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Officials reflect on first 'milk bank' in Arkansas


Last year, the University of Arkansas for Medical Sciences opened the state’s first milk bank, which provides breast milk for mothers of newborns.

During the 2021 legislative session, lawmakers passed Act 225 to create the milk bank. In an interview with Arkansas PBS, Rep. Aaron Pilkington, Republican of Knoxville, and a sponsor of the bill, said the bill was needed because Arkansas was having to buy milk from other states.

“We had to go to either Texas or Michigan. What’s even crazier is we had mothers who wanted to donate their milk and we’re sending it to other states,” he said.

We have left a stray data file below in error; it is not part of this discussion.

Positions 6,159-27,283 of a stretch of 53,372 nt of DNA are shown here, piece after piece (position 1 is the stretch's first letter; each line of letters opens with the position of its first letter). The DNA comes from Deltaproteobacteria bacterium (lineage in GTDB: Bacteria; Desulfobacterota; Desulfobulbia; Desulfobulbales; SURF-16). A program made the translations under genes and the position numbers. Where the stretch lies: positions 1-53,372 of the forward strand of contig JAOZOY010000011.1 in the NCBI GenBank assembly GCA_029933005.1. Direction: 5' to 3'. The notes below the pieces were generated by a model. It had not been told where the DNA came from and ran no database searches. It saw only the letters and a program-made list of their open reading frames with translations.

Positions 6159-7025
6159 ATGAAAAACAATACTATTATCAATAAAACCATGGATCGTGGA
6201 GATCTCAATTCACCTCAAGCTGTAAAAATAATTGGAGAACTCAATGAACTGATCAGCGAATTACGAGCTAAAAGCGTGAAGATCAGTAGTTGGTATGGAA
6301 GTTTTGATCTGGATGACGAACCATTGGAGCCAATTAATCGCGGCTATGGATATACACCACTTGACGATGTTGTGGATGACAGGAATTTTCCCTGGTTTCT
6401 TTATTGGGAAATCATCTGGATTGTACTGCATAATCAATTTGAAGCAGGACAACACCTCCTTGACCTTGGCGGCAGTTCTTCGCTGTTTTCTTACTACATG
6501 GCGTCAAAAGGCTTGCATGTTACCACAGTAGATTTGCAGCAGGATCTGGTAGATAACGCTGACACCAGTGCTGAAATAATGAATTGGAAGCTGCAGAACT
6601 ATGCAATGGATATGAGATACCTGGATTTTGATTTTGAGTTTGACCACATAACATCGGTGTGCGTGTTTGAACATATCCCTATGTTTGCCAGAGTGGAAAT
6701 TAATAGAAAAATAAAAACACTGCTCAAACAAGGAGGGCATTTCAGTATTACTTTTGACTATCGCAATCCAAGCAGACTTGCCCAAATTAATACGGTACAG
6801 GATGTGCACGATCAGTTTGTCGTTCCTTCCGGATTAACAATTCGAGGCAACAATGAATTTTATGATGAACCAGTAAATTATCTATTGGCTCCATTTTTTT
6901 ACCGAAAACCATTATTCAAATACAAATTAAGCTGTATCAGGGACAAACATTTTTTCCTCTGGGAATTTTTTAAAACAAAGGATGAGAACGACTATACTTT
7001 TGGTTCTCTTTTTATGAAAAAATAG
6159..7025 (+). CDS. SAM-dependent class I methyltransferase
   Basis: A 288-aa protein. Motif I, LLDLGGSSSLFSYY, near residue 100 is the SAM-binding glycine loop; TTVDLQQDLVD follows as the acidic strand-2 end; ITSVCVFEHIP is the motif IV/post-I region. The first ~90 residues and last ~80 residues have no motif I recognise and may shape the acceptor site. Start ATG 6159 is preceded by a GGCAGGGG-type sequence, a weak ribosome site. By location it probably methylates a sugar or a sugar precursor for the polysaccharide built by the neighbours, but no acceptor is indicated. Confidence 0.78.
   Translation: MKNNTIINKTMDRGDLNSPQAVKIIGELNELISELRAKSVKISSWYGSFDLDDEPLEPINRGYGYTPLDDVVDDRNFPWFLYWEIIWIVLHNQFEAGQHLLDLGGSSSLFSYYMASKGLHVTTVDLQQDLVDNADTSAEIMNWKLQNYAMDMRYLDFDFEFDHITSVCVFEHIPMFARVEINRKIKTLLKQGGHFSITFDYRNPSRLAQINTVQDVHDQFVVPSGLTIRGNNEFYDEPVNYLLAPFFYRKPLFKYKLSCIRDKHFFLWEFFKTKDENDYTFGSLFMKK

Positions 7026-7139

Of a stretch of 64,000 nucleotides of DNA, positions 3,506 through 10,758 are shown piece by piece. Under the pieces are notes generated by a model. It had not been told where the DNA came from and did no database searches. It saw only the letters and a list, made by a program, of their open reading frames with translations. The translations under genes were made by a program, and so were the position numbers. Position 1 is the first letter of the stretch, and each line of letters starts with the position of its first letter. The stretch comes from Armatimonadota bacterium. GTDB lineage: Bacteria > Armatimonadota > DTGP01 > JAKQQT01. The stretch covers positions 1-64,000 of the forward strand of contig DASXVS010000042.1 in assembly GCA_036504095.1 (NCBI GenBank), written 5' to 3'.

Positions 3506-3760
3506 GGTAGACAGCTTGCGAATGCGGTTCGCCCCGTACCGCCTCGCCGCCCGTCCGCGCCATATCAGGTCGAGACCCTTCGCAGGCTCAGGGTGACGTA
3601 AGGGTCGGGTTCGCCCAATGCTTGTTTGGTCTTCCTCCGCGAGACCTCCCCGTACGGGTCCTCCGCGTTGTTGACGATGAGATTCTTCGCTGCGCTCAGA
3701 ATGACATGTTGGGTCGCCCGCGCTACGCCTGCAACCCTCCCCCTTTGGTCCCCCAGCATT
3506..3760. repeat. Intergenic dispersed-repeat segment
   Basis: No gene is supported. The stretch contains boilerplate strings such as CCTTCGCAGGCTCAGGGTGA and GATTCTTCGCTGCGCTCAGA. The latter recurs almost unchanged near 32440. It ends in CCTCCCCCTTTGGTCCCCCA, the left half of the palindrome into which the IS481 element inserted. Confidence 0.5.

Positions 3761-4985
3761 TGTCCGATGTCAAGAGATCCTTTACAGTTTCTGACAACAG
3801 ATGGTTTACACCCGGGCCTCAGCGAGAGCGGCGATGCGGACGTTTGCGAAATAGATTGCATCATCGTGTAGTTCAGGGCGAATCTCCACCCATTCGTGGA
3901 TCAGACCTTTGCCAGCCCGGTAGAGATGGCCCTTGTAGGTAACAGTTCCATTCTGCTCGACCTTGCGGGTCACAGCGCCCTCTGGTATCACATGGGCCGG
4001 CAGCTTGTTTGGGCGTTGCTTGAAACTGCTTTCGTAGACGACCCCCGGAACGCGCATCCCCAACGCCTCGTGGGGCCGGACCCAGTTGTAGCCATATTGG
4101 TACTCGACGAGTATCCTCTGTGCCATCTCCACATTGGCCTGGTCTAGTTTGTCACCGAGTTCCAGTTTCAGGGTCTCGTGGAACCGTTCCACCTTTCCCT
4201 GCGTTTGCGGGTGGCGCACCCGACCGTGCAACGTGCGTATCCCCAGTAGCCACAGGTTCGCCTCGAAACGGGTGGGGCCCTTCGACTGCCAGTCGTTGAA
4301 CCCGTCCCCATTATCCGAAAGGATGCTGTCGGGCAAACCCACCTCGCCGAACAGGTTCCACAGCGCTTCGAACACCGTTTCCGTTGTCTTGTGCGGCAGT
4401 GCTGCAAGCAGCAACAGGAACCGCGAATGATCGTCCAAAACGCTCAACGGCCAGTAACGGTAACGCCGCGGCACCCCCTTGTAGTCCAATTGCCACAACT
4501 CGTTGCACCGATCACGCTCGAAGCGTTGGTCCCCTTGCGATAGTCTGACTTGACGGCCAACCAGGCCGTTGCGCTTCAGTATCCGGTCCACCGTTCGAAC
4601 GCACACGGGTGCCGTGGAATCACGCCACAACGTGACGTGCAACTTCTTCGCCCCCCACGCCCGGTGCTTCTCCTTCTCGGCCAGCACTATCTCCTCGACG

Misty L. Virmani, M.D., executive medical director of the UAMS Milk Bank, said it is important that the state has a milk bank.

“Breast milk, mom’s milk, provides a substantial part of immune protection. The antibodies that are present in mom’s milk actually invade and get into the babies’ body and help develop the organs and the immune structure,” she said.

Prior to opening the milk bank, hospitals in the state were paying over a million dollars a year to get breast milk from other states, according to UAMS.

Ronak Patel is a reporter for Little Rock Public Radio.